Kristi's Shoe Repairs has been a part of Ilford station for over a quarter of a century providing quality shoe repair services to commuters and local customers. Kristi's is not just a local business with a loyal customer base, it is part of the Ilford Community and as a small local business Kristi's pays it taxes to the local community.

The upgrade of Ilford Station as part of the London Cross Rail project is a welcomed improvement for the people of Ilford and London as a whole. However instead of embracing this small local business, TFL and its subsidiary Crossrail are evicting Kristi's from the new station. Despite my many requests, TFL and its agents have not offered Kristi's any space in the new station.

Unless there is a change of heart by TFL, Kristi's at Ilford Station will close its door for the last time in 2017. With your help by signing the petition to save Kristi's we may be able to persuade TFL to include this small and successful local business alongside the many corporate retailers that are being brought into the newly developed Ilford station.

This petition will be delivered to:
Managing Director, Surface Transport, Transport for London (TfL), Leon Daniels
Mayor of London, Sadiq Khan
Commissioner, Transport for London (TfL), Mike Brown


Personal Statement:
I have been taking my shoes to be repaired at Kristi’s Shoe Repairs in Ilford since the business started up. Jimmy Papi is a real craftsman: top quality work, good value and he gives great advice about the care of shoes and how to make them last longer. Kristi’s provides a very friendly and helpful service. This is a small, community and highly professional business that Ilford and the surrounding area needs. TfL, the Mayor of London and Redbridge Council should surely reserve a place for Kristi’s in the planned redevelopment of Ilford Station. The new development should not just be about boring chain stores, mobile phone shops and ubiquitous coffee bar outlets! Ilford has these already!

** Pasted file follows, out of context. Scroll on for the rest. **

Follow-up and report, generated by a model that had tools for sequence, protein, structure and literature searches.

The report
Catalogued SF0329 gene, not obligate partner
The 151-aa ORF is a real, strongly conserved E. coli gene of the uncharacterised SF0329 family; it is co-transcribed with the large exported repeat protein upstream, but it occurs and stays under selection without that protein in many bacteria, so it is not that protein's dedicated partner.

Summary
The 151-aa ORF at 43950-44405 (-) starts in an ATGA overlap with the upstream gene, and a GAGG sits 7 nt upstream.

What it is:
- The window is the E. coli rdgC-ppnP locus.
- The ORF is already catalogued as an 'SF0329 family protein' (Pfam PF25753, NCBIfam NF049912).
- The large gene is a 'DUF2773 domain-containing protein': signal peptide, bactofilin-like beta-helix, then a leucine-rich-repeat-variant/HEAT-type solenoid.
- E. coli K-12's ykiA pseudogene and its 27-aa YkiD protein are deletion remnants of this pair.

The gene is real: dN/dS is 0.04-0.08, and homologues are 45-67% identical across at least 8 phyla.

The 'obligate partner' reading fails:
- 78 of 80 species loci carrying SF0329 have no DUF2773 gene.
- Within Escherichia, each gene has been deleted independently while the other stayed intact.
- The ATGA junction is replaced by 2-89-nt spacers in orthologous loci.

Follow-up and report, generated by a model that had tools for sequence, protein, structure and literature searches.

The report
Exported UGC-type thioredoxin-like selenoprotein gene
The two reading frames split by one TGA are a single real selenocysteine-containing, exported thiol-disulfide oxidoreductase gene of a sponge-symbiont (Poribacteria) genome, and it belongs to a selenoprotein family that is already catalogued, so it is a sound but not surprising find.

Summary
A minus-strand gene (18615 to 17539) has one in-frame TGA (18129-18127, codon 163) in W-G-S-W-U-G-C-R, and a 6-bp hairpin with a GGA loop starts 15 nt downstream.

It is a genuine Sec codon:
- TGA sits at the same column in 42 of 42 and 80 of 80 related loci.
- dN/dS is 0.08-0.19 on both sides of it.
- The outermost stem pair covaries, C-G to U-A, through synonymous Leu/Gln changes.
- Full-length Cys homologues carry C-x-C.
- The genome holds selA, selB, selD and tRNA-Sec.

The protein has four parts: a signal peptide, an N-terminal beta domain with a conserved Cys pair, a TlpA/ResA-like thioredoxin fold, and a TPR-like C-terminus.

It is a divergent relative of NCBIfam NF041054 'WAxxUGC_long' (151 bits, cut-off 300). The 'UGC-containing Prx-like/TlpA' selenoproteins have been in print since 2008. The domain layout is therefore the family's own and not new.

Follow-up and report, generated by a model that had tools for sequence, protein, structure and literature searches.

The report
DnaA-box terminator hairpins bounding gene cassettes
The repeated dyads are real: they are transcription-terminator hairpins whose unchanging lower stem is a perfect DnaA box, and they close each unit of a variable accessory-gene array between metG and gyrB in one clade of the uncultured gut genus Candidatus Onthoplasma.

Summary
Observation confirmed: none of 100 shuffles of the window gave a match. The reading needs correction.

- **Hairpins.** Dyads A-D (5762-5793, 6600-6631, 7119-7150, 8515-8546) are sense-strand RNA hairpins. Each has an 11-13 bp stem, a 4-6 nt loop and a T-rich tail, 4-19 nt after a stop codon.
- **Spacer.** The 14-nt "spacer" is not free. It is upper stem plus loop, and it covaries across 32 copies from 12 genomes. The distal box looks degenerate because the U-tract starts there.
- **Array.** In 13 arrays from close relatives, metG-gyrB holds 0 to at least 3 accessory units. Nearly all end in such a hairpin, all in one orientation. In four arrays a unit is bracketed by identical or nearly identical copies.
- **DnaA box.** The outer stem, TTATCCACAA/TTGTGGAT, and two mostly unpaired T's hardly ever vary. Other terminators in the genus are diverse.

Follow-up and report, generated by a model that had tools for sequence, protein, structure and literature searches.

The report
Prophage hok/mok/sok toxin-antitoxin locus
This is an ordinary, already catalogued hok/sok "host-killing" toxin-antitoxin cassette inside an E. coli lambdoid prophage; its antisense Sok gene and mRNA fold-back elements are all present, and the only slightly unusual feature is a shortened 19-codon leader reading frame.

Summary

Dr. Glenn Rikowski

Newspaper Reports:




Posted here by Glenn Rikowski


Ruth Rikowski, outside Kristi's Shoe Repairs, Ilford

Saturday, June 10, 2017

Reading Capital: Wealth In-Against-and Beyond Value - John Holloway in Lincoln



John Holloway

READING CAPITAL: WEALTH IN-AGAINST-AND BEYOND VALUE – JOHN HOLLOWAY IN LINCOLN

School of Education
University of Lincoln
1:00-4:00pm
Minerva Building, MB1012

Brayford Pool
16 June 2017

Professor John Holloway will be speaking about his new work, ‘Reading Capital: wealth in-against-and-beyond value’ at the University of Lincoln, on 16th of June.

John’s reading and writings on Marxist social theory are highly influential as a way of rethinking Marx in terms of ‘Change the World Without Taking Power’ (2005) and abolishing the social relations of capitalist production through acts of resistance, as ways to ‘Crack Capitalism’ (2010). In this new work, ‘Reading Capital’ John points out that Capital does not start with the commodity, as Marx and probably all commentators since Marx have claimed. It actually starts with wealth: “The wealth of societies in which the capitalist mode of production prevails appears as an ‘immense collection of commodities’ …” Seeing wealth and not the commodity as the starting point has enormous consequences, both theoretically and politically. To say that Capital starts not with the commodity but with wealth is both revolutionary and self-evident. The challenge is to trace this antagonism through the three volumes of Marx’s Capital. This is the theme of the talk.

Free Buffet lunch is included.


Research in Critical Education Studies (RiCES): https://criticaleducation.blogs.lincoln.ac.uk/

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Posted here by Glenn Rikowski
Glenn Rikowski @ Academia: http://independent.academia.edu/GlennRikowski 

Ruth Rikowski @ Academia: http://lsbu.academia.edu/RuthRikowski

Pedagogy of Hate


Mike Neary

PEDAGOGY OF HATE

Cass School of Education and Communities Seminar
Date: Monday 12 June 2017, 16.00-18.00
Venue: Room ED2.03, The Cass School of Education and Communities, University of East London, Stratford Campus, London E16 4LZ
Convenor: Dr. Rhiannon Firth

Seminar title: Pedagogy of Hate

Seminar speaker: 
Professor Mike Neary, Professor of Sociology, School of Social and Political Sciences,
The University of Lincoln

Abstract